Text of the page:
Why streaming services are dumping shows left and right

“This was the promise of the streaming age: You can have everything, you can have it everywhere, and you can have it all, at once. Subscribe to our platform and you’ll have access to our huge library of “content” forever, on demand, whenever you want it. You want more? Look, it’s right there in the plus sign at the end of the platform’s name. (Why did everyone do that?)
This utopian fantasy was in serious contrast to the old way of watching TV, where you’d sit yourself down to watch your show at the time it aired or you wouldn’t see it at all unless you were lucky enough to catch it in reruns. Once your show was canceled, you couldn’t watch it anymore. We got VHS recorders, and then TiVos, sure, and eventually you could buy a show on tapes or DVDs after it had aired. But these all require intention and planning, an action on the part of the potential audience member. Streaming? That would be easy.

Turns out the utopian fantasy was a fantasy”

“The first way that removing a show from a platform saves money is tied up with some of the reasons that the WGA is striking and SAG-AFTRA is considering it: residuals. Production companies pay members of various guilds (like the WGA) a fixed percentage every year if their show is available on a streaming platform. Calculation of the precise rate is byzantine and renegotiated every three years by the guilds, and can range from a pittance to a livable income, depending on the deal that was cut for that show. But it’s a cost that the company incurs, and if they remove the show entirely, the cost is eliminated.

Often, however, shows removed from a platform don’t go away entirely. In the case of Westworld, for instance, Warner Bros. Discovery removed the show from its platform (now called Max) but licensed it to free, ad-supported channels operated by Roku and Tubi. That means you can actually watch Westworld now, entirely for free, as long as you’re willing to sit through some ads — and it means Warner Bros. Discovery starts making some money on Westworld again.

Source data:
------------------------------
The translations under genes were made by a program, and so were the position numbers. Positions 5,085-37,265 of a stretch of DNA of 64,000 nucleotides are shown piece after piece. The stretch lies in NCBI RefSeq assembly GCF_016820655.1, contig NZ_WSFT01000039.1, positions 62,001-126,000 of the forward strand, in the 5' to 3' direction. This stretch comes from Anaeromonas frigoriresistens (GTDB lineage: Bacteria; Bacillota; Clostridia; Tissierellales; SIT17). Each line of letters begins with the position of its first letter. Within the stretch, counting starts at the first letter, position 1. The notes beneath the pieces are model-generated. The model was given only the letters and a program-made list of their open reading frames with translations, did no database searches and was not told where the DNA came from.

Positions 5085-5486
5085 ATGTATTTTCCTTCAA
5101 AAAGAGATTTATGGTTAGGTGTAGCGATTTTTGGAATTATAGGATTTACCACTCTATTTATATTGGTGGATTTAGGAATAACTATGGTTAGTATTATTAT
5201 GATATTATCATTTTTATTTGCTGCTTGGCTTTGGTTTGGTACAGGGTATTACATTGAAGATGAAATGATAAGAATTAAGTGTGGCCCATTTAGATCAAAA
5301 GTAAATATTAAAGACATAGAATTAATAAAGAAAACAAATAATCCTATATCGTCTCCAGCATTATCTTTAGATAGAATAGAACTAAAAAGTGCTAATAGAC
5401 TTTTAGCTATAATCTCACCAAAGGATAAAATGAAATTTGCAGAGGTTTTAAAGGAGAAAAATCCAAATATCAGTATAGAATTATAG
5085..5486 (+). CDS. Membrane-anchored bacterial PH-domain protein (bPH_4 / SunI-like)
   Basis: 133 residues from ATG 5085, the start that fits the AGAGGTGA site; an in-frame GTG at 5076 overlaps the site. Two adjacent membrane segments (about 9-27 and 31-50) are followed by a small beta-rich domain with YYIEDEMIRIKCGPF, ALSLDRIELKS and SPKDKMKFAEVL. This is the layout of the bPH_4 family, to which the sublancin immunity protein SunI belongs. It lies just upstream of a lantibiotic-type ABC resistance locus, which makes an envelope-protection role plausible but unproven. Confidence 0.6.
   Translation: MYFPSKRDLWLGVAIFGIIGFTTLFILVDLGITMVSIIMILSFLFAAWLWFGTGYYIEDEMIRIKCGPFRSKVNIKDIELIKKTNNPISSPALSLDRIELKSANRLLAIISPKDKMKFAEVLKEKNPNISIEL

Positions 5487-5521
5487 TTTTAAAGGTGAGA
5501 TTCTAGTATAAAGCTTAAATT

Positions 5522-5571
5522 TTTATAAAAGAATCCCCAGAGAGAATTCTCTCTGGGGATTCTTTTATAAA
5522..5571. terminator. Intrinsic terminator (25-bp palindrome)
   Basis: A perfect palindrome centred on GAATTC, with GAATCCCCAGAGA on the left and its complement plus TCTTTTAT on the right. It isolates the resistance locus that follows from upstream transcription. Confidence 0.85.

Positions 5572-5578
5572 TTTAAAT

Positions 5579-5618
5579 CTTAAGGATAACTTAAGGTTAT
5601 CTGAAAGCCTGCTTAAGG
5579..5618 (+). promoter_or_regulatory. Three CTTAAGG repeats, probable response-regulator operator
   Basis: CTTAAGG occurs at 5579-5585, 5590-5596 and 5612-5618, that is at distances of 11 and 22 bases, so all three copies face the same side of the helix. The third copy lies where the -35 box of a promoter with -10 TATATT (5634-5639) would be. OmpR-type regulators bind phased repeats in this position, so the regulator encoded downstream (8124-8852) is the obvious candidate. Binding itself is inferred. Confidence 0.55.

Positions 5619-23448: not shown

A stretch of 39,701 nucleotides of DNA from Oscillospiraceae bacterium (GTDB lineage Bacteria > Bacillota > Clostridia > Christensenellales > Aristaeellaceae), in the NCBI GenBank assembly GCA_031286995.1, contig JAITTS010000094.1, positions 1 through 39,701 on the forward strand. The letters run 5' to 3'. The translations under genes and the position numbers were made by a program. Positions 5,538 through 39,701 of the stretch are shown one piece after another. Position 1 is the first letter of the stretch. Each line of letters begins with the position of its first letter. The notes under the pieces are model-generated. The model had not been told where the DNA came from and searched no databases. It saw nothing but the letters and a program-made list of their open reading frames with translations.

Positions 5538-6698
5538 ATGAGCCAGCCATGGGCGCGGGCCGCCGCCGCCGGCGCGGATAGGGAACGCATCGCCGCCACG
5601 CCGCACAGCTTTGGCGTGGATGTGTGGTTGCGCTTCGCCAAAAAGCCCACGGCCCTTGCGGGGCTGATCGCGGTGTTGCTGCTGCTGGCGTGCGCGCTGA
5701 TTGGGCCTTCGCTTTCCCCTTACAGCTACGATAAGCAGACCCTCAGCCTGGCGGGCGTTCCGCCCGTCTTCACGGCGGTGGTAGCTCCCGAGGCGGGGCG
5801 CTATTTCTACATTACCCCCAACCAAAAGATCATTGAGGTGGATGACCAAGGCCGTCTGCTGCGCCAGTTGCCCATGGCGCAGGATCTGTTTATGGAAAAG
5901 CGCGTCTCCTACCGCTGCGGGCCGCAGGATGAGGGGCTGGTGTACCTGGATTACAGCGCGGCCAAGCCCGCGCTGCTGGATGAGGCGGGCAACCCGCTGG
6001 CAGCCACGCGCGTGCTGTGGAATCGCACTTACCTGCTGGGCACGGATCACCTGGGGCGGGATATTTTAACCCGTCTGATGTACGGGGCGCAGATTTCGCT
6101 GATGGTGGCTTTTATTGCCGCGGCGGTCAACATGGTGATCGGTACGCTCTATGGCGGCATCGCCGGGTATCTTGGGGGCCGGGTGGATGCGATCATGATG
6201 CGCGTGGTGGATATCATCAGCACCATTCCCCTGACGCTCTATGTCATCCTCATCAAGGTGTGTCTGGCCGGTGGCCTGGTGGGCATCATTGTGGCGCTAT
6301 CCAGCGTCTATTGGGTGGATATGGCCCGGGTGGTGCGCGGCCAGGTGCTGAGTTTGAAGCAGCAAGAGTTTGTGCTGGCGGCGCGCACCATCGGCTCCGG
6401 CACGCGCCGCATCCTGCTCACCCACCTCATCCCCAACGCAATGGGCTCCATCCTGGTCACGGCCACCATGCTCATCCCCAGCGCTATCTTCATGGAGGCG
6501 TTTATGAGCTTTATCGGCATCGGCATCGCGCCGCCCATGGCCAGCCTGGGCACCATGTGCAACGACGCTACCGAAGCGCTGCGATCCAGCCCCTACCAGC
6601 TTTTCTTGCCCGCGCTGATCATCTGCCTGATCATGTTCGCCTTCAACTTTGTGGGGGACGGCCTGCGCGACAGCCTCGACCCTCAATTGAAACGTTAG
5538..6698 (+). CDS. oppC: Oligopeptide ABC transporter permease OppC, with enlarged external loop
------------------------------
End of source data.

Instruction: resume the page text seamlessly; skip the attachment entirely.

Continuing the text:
What you can’t necessarily do is watch it at literally any time you want to. These free channels, called FAST (for Free, Ad-Supported Television), operate on a linear model, which is basically the same way cable TV works. You flip through channels and watch whatever is “on TV” right now. What makes FAST different from traditional cable or network TV is that it’s distributed over the internet, so you can watch on your laptop or device or smart TV, instead of over cables or airwaves.

But wait, you might ask: Doesn’t Warner Bros. Discovery now have to pay residuals to everyone involved with Westworld? Yes, it does — but the residual rates for FAST are currently lower than the SVOD rates on streaming platforms, which in turn are far lower than on broadcast television like network or cable. Additionally, Warner Bros. Discovery is getting payment from Roku and Tubi — that’s what it means to “license” your show. So there’s income and less outflow, and that’s a net positive on the balance sheet.

Speaking of balance sheets, there’s one more reason this might happen. For companies like Disney, Paramount, and Warner Bros. Discovery, every show on their platform is an asset. If an asset’s value declines more rapidly than anticipated, you can “write down” its value, meaning it’s now worth less; that ultimately creates a loss on your balance sheet, which translates to a tax deduction. If you remove a show from your platform, it’s now “impaired” in terms of earning power, and thus literally worth less. It’s all pretty complicated, but companies seem very eager to incur write-downs, perhaps in part to show their shareholders that they are serious about getting their financial houses in order. (That’s key for companies like these, which are feeling a squeeze after years of relentless, profligate spending on content to populate their platforms — especially during the pandemic.) Disney, for instance, announced that it will incur a whopping $1.5-$1.8 billion impairment charge from removing content from its platforms, which translates into a very sizable write-down and a lower tax burden.”